Slideshow: Mystery in the Fields

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A woman bathes outside a well in Sandamalgama, Sri Lanka.

Anna Barry-Jester

A woman holds a photograph of her husband and men who worked with him in the sugar cane fields near Chichigalpa, Nicaragua. The man died from chronic kidney disease; four of his sons currently have the disease.

Anna Barry-Jester

A man holds his young sleeping children in La Isla, a community near Chichigalpa, Nicaragua, which has been hit hard by a mysterious epidemic of chronic kidney disease.

Anna Barry-Jester

Children, whose father died from chronic kidney disease, collect leaves to wrap food to sell in their community near Chichigalpa, Nicaragua.

Anna Barry-Jester

Children play in a stream near their home in La Isla, Nicaragua. Workers at the nearby sugar cane plantation have alleged for nearly a decade that pesticides and working conditions are responsible for the epidemic of chronic kidney disease in their area, while researchers have found evidence that chronic dehydration may play a key role.

Anna Barry-Jester

The epidemic in Central America spans six countries along a nearly 700-mile stretch of the Pacific coast. Kidney disease has killed more people in El Salvador and Nicaragua than diabetes, HIV/AIDS and leukemia combined in the last five years.

Anna Barry-Jester

Luis Asavedo, 37, hours before he died from chronic kidney disease in Nicaragua. His wife and 9-month-old sat with him in the final hours.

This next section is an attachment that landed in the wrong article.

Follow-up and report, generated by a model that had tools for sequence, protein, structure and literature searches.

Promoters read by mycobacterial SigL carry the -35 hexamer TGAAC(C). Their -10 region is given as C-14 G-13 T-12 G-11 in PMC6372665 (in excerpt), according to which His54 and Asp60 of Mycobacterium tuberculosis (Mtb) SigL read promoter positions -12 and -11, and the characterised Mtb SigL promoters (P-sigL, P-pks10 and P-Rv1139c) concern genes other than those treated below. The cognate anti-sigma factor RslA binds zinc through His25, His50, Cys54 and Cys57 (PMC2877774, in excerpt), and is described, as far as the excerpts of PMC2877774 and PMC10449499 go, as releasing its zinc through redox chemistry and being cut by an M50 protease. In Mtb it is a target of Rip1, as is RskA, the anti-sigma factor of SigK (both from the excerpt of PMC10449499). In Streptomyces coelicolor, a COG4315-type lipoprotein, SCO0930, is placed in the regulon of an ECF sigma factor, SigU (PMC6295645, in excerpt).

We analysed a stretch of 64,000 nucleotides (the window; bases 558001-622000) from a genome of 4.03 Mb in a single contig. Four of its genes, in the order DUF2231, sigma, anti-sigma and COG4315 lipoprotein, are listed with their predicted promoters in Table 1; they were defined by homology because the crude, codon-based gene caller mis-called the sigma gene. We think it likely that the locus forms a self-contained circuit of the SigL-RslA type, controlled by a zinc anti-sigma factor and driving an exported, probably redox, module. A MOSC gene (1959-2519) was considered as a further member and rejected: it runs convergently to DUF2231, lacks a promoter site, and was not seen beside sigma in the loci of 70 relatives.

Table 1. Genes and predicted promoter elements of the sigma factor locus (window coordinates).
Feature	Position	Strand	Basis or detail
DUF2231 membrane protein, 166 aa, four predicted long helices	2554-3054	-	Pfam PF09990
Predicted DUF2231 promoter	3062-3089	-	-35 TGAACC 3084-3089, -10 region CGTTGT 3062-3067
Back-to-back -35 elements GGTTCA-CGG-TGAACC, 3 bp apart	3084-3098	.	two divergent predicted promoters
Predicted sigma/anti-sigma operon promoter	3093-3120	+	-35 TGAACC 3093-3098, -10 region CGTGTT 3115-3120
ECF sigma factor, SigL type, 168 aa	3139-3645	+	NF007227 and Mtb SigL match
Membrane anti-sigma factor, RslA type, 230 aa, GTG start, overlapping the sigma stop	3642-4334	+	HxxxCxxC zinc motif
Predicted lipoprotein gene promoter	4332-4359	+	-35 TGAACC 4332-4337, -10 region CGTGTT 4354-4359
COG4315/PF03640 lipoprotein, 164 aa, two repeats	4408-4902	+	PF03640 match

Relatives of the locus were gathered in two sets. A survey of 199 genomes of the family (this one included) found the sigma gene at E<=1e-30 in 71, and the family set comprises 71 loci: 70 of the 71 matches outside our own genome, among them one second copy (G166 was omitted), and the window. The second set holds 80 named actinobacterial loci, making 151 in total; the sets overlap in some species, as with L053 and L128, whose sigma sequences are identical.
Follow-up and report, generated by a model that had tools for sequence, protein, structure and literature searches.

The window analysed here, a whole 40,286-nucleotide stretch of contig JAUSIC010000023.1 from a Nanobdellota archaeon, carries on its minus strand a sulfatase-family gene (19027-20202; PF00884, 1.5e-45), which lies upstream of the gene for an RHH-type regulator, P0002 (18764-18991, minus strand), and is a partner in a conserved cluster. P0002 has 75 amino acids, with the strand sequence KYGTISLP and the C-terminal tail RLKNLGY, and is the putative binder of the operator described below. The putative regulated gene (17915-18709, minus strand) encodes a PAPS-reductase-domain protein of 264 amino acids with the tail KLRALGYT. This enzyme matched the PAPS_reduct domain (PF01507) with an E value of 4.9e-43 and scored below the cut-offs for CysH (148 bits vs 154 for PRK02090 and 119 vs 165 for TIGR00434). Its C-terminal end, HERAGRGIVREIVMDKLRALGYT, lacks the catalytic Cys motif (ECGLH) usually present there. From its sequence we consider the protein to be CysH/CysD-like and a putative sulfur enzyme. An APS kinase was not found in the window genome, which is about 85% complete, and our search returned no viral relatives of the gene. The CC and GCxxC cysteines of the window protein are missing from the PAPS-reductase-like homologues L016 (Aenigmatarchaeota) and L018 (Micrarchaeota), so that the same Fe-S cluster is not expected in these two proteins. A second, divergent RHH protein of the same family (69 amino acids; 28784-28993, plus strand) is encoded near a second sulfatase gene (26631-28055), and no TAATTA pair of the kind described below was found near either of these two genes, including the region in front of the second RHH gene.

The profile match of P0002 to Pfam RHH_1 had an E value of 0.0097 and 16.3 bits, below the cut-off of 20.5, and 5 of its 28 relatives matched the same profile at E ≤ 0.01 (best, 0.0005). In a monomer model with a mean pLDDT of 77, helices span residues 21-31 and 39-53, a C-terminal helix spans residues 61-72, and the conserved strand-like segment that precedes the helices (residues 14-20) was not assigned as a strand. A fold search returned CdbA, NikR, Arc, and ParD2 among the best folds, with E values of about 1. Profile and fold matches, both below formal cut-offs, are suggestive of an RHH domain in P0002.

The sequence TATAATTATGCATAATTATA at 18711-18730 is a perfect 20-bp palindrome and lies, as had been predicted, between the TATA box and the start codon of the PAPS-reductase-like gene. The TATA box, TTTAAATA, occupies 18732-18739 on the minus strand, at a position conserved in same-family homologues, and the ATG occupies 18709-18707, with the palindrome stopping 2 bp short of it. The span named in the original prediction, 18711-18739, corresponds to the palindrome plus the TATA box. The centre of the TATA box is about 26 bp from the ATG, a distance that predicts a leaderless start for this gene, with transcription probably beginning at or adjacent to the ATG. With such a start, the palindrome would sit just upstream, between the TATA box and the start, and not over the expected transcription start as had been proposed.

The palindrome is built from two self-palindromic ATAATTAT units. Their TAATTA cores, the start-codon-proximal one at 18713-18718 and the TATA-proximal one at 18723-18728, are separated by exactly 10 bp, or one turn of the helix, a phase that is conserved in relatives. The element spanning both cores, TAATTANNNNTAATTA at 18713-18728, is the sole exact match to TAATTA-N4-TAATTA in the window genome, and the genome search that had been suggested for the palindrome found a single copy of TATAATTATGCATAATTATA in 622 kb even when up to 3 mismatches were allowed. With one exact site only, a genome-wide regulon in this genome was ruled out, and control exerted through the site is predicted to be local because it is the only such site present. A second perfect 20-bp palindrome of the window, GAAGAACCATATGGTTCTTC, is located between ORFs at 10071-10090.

Anna Barry-Jester

Children and women are reflected in a well in Uddanam, India, an area heavily affected by CKD. In India, the epidemic affects a very particular geographic area along the coast of northern Andhra Pradesh, leading researchers to hypothesize that it may be due to a toxic exposure in the water or soil.

Anna Barry-Jester

 

The mysterious form of chronic kidney disease in India mostly affects farmers in the region, where cashews, rice and coconut are the main crops. However, unlike similar epidemics in Central America and Sri Lanka, researchers from Harvard and Stony Brook Universities have found that men and women are almost equally affected.

Anna Barry-Jester

Laxmi Narayna undergoes dialysis treatment at Seven Hills Hospital in Visakhapatnam, India. The coconut farmer travels hours to and from the city each week for treatment, but according to his doctor, "on dialysis people don't do well. Holding on for a year would be just about it."

Anna Barry-Jester

Laxmi Narayna begins the long journey home from Seven Hills Hospital in Visakhapatnam, where he receives dialysis treatment twice a week, to his village of Gonaputtuga in northern Andhra Pradesh. A state government insurance program pays for his treatment and covers some of the travel costs. The little he currently pays is already a burden for the coconut farmer and his family.

Anna Barry-Jester

A farmer tills his rice paddy in Padaviya, Sri Lanka. A recent government report found that cadmium and arsenic are partly responsible for the CKDu epidemic in North Central Sri Lanka, stating that "prevention of indiscriminate use of fertilizers and certain pesticides which have nephrotoxic properties can help to protect the kidney."

Anna Barry-Jester

Wimal Rajarathna receives dialysis treatment at Anuradhapura General Hospital.

Anna Barry-Jester